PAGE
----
Department of Atmospheric Sciences, National Taiwan University
After a brief introduction on our recent work related to typhoon dynamics, we put major emphasis on the issues of typhoon-ocean-biogeochemistry interactions based on the synergy of the analyses from the advanced multiple remote sensing (in collaboration with I-I Lin of NCOR in Taiwan and Tim Liu of JPL, NASA) and some simple models. A striking event of the typhoon-induced oceanic bio-response (ocean blooming) and primary production is documented, inferring the potentially important role for typhoons in the local and possibly global carbon cycle; some cases of typhoon-induced SST cooling and wind modulation, and its potential impact on climate is also presented. Then, the rapid intensification of Supertypoon Maemi (2003) and its interaction with an oceanic warm eddy are discussed. It is shown that the warm ocean eddy may play a more important role in sustaining Maemi than in its rapid intensification.
In the end we provide an overview of a field program -- the DOTSTAR (Dropsonde Observations for Typhoon Surveillance near the TAiwan Region), which marks the beginning of a new era for the aircraft surveillance of tropical cyclones (TC) in the western North Pacific. Built upon work pioneered at NOAA's Hurricane Research Division (HRD), the key to the project is the use of airborne sensors -- dropwindsondes, which are released from jet aircraft flying above 42,000 feet in the environment of a tropical cyclone. Information from the surveillance flights is transmitted in near real- time to the Central Weather Bureau (CWB) of Taiwan, as well as the NCEP, FNMOC, and JMA. The data are immediately assimilated into the numerical models of CWB, NCEP (AVN/GFDL), FNMOC (NOGAPS/COAMPS/GFDN), and JMA. The DOTSTAR are expected to provide valuable data which can help increase the accuracy of TC analysis and track forecasts, to assess the impact of the dropsonde data on numerical models, to evaluate the strategies for adaptive observations, to validate/calibrate the remote-sensing data, and to improve our understanding on the TC dynamics, especially over the TC's boundary layer.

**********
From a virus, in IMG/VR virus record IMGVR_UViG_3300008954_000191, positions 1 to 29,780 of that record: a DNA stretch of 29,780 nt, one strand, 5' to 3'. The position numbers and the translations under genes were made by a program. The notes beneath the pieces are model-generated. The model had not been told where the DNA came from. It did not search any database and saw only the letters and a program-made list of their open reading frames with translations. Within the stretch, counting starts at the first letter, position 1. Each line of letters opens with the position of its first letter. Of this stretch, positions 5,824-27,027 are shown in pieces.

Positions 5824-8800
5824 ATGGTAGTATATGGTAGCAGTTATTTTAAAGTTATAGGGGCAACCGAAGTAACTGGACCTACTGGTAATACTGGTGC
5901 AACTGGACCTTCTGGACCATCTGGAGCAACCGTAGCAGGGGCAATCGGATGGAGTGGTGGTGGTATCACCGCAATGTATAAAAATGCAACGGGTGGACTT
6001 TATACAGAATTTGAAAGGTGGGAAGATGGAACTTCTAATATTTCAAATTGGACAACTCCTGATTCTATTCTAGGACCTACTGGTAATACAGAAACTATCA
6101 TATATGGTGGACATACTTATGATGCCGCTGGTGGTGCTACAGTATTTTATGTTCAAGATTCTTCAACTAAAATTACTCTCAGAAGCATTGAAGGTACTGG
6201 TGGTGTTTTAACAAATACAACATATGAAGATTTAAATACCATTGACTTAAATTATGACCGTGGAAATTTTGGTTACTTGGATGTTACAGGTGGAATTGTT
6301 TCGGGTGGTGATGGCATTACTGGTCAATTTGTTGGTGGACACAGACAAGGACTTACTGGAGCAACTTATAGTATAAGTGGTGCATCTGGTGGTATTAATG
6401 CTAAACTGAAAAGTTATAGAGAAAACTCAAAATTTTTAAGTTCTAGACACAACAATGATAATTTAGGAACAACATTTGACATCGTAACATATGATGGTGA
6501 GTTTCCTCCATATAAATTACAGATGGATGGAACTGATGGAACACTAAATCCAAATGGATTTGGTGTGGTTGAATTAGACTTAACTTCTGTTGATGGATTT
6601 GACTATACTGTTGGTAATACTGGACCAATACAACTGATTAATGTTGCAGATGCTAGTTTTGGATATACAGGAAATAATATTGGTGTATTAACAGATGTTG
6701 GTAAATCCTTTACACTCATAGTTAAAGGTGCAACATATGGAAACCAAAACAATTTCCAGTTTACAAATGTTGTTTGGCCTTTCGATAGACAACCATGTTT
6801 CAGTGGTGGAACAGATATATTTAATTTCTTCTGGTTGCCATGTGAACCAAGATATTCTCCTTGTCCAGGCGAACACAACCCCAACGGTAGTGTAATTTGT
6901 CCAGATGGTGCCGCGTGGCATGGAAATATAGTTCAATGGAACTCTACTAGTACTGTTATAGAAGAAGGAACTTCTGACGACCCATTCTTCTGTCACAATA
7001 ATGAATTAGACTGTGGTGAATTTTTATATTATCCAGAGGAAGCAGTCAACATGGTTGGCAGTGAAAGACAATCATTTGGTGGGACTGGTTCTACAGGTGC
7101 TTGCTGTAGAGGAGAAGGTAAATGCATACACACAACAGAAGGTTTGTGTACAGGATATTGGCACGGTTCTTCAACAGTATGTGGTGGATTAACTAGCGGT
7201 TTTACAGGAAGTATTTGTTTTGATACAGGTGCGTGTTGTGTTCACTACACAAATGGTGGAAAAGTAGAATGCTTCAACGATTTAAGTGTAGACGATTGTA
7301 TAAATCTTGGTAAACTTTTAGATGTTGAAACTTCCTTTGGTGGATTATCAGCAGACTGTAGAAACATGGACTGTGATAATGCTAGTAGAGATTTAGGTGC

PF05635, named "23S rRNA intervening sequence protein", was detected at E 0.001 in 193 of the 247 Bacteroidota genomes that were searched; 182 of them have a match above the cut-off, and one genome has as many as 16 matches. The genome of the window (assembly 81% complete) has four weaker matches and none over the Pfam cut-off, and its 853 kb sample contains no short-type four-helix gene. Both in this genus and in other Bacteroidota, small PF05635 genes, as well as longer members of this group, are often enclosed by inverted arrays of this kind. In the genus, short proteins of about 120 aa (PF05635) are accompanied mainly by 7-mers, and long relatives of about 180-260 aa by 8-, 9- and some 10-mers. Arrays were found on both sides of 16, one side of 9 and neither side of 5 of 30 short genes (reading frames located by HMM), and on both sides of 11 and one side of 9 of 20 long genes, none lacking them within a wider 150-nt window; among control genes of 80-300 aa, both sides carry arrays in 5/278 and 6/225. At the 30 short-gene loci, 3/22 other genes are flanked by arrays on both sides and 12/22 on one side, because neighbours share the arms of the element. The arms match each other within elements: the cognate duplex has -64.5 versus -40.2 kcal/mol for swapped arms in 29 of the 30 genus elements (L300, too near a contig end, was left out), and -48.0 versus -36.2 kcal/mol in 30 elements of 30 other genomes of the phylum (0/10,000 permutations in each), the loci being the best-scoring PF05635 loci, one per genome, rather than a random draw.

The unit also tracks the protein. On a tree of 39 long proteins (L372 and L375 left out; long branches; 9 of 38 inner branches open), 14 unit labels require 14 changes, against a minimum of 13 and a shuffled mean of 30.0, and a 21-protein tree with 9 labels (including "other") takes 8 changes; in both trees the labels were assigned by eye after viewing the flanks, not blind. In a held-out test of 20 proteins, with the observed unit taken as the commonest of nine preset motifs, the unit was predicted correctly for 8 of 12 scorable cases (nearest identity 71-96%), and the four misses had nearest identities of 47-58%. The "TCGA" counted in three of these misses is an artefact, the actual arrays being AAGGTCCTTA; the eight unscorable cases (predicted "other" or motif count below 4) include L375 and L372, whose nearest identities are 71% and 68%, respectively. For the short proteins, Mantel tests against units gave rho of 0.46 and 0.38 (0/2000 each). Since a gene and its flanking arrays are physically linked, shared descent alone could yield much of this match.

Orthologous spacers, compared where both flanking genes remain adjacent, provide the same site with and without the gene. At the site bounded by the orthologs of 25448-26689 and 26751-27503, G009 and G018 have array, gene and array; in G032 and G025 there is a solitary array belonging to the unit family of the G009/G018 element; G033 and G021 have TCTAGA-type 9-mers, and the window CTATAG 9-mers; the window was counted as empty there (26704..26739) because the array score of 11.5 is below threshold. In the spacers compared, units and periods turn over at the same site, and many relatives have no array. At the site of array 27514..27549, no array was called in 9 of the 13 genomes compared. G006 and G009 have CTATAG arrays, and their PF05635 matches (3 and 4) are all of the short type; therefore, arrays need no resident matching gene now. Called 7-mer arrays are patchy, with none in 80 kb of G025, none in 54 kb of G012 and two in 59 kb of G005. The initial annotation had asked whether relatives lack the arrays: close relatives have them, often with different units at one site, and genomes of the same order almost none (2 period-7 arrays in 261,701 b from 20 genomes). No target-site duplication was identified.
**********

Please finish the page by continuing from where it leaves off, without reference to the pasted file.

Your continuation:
On September 1, 2003, the first DOTSTAR mission was successfully completed around Typhoon Dujuan. On November 2, the second mission was launched while the aircraft flew over the center of Typhoon Melor. The preliminary results from the first two missions, and the overall planning and goals of DOTSTAR will be shown. Information on DOTSTAR is available at http://typhoon.as.ntu.edu.tw/DOTSTAR.htm.